to mean the same thing as (*ptr).age. The notation gives a clearer idea of what is going on - prt points (i.e. ->) to the structure and .age picks out which component of the structure we want. Interestingly until C++ became popular the -> notation was relatively rare and given that many C text books hardly mentioned it this confused many experienced C programmers!

There are many reasons for using a pointer to a struct but one is to make two way communication possible within functions. For example, an alternative way of writing the complex number addition function is:


void comp add(struct comp *a , struct comp *b , struct comp *c)
 {
  c->real=a->real+b->real;
  c->imag=a->imag+b->imag;
 }

In this case c is now a pointer to a comp struct and the function would be used as:

add(&x,&y,&z);

Notice that in this case the address of each of the structures is passed rather than a complete copy of the structure - hence the saving in space. Also notice that the function can now change the values of x, y and z if it wants to. It's up to you to decide if this is a good thing or not!


Malloc

Now we come to a topic that is perhaps potentially the most confusing. So far we have allowed the C compiler to work out how to allocate storage. For example when you declare a variable:

int a;

the compiler sorts out how to set aside some memory to store the integer. More impressive is the way that

int a[50]

sets aside enough storage for 50 ints and sets the name a to point to the first element. Clever though this may be it is just static storage. That is the storage is allocated by the compiler before the program is run - but what can you do if you need or want to create new variables as your program is running? The answer is to use pointers and the malloc function. The statement:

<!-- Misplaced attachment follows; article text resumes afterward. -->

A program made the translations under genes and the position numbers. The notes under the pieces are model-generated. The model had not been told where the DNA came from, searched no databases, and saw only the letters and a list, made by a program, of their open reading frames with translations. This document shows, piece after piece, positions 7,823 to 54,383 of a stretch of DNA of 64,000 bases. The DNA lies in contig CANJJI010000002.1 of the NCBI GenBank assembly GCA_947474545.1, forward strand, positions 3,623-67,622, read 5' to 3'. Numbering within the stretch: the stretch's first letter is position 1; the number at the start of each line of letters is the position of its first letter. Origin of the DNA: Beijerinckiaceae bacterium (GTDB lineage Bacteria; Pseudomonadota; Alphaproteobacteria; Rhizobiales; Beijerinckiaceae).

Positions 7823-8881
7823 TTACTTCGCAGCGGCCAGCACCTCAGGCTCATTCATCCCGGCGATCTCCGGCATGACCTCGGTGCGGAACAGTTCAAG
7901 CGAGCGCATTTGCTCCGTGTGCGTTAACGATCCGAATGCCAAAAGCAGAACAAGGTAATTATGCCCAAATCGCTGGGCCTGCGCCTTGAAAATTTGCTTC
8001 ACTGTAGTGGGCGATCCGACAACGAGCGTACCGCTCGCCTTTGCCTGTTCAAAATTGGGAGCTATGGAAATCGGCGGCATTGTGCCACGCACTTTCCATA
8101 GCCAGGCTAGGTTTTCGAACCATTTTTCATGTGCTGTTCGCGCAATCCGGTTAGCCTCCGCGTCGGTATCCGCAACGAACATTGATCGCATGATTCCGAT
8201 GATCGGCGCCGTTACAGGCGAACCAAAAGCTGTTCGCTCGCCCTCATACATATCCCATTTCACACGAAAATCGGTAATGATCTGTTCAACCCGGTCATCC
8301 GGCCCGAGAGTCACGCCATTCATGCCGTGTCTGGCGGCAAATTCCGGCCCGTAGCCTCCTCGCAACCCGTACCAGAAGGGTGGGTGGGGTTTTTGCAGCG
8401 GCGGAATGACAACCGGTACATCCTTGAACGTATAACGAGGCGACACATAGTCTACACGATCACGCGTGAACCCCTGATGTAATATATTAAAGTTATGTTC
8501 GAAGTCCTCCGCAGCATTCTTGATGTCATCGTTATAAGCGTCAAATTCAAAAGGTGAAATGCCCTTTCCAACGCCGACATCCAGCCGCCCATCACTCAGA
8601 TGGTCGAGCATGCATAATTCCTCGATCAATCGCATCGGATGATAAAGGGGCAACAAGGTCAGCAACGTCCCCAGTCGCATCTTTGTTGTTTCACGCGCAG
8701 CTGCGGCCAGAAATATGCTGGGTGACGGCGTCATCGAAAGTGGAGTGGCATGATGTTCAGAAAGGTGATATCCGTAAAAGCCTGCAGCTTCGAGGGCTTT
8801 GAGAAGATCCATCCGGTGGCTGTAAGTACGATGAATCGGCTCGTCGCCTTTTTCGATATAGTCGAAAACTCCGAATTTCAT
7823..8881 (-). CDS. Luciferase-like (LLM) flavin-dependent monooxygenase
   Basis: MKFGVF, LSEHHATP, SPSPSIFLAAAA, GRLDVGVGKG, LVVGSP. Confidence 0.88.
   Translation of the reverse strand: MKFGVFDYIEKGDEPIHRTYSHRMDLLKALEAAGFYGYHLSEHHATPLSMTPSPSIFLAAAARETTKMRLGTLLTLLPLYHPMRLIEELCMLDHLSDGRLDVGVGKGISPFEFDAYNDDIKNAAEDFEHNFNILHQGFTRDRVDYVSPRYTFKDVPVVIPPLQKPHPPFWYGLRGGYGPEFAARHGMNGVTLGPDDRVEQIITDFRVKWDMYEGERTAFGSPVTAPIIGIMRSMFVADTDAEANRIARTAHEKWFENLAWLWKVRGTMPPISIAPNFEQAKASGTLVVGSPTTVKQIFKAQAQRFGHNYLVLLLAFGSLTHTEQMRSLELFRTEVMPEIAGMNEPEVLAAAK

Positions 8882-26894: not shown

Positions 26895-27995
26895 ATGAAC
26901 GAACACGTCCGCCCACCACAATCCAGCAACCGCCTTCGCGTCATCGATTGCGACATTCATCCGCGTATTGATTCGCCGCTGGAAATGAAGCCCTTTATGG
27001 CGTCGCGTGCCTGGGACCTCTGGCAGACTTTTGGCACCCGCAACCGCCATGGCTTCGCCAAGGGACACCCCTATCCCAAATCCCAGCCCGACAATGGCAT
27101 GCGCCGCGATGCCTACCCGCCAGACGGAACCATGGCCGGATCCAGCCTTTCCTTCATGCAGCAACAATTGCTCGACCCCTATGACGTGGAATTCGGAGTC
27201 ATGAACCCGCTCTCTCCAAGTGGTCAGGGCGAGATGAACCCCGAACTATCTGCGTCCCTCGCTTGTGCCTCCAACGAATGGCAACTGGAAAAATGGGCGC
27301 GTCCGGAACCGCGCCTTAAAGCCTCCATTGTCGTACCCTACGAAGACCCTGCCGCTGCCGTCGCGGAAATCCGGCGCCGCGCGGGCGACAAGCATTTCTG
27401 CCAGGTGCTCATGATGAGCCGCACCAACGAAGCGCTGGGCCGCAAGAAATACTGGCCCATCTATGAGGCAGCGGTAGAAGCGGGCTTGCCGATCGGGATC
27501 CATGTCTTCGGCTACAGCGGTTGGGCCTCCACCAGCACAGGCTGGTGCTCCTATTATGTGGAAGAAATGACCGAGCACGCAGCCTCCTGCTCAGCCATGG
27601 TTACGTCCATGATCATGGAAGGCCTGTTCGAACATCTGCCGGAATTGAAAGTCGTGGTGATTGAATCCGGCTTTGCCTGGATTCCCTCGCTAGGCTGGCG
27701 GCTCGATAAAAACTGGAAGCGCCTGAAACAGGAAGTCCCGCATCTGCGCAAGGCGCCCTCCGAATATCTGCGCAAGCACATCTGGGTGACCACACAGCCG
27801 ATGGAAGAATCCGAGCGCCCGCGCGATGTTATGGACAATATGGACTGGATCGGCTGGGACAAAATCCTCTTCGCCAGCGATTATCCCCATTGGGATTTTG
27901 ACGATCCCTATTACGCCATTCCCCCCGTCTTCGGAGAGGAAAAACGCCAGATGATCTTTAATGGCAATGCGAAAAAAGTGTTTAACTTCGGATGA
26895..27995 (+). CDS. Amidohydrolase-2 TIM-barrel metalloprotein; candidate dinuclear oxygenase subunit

ptr=malloc(size);

reserves size bytes of storage and sets the pointer ptr to point to the start of it. This sounds excessively primitive - who wants a few bytes of storage and a pointer to it? You can make malloc look a little more appealing with a few cosmetic changes. The first is that you can use the sizeof function to allocate storage in multiples of a given type. For example:

sizeof(int)

returns a number that specifies the number of bytes needed to store an int. Using sizeof you can allocate storage using malloc as:

ptr= malloc(sizeof(int)*N)

where N is the number of ints you want to create. The only problem is what does ptr point at? The compiler needs to know what the pointer points at so that it can do pointer arithmetic correctly. In other words, the compiler can only interpret ptr++ or ptr=ptr+1 as an instruction to move on to the next int if it knows that the ptr is a pointer to an int. This works as long as you define the ptr to be a pointer to the type of variable that you want to work with. Unfortunately this raises the question of how malloc knows what the type of the pointer variable is - unfortunately it doesn't.

To solve this problem you can use a TYPE cast. This C play on words is a mechanism to force a value to a specific type. All you have to do is write the TYPE specifier in brackets before the value. So:

ptr = (*int) malloc(sizeof(int)*N)

forces the value returned by malloc to be a pointer to int. Now you can see how a simple idea ends up looking complicated. OK, so now we can acquire some memory while the program is running, but how can we use it? There are some simple ways of using it and some very subtle mistakes that you can make in trying to use it! For example, suppose during a program you suddenly decide that you need an int array with 50 elements. You didn't know this before the program started, perhaps because the information has just been typed in by the user. The easiest solution is to use:

int *ptr;

and then later on:

ptr = (*int) malloc(sizeof(int)*N)

where N is the number of elements that you need. After this definition you can use ptr as if it was a conventional array. For example:

ptr[i]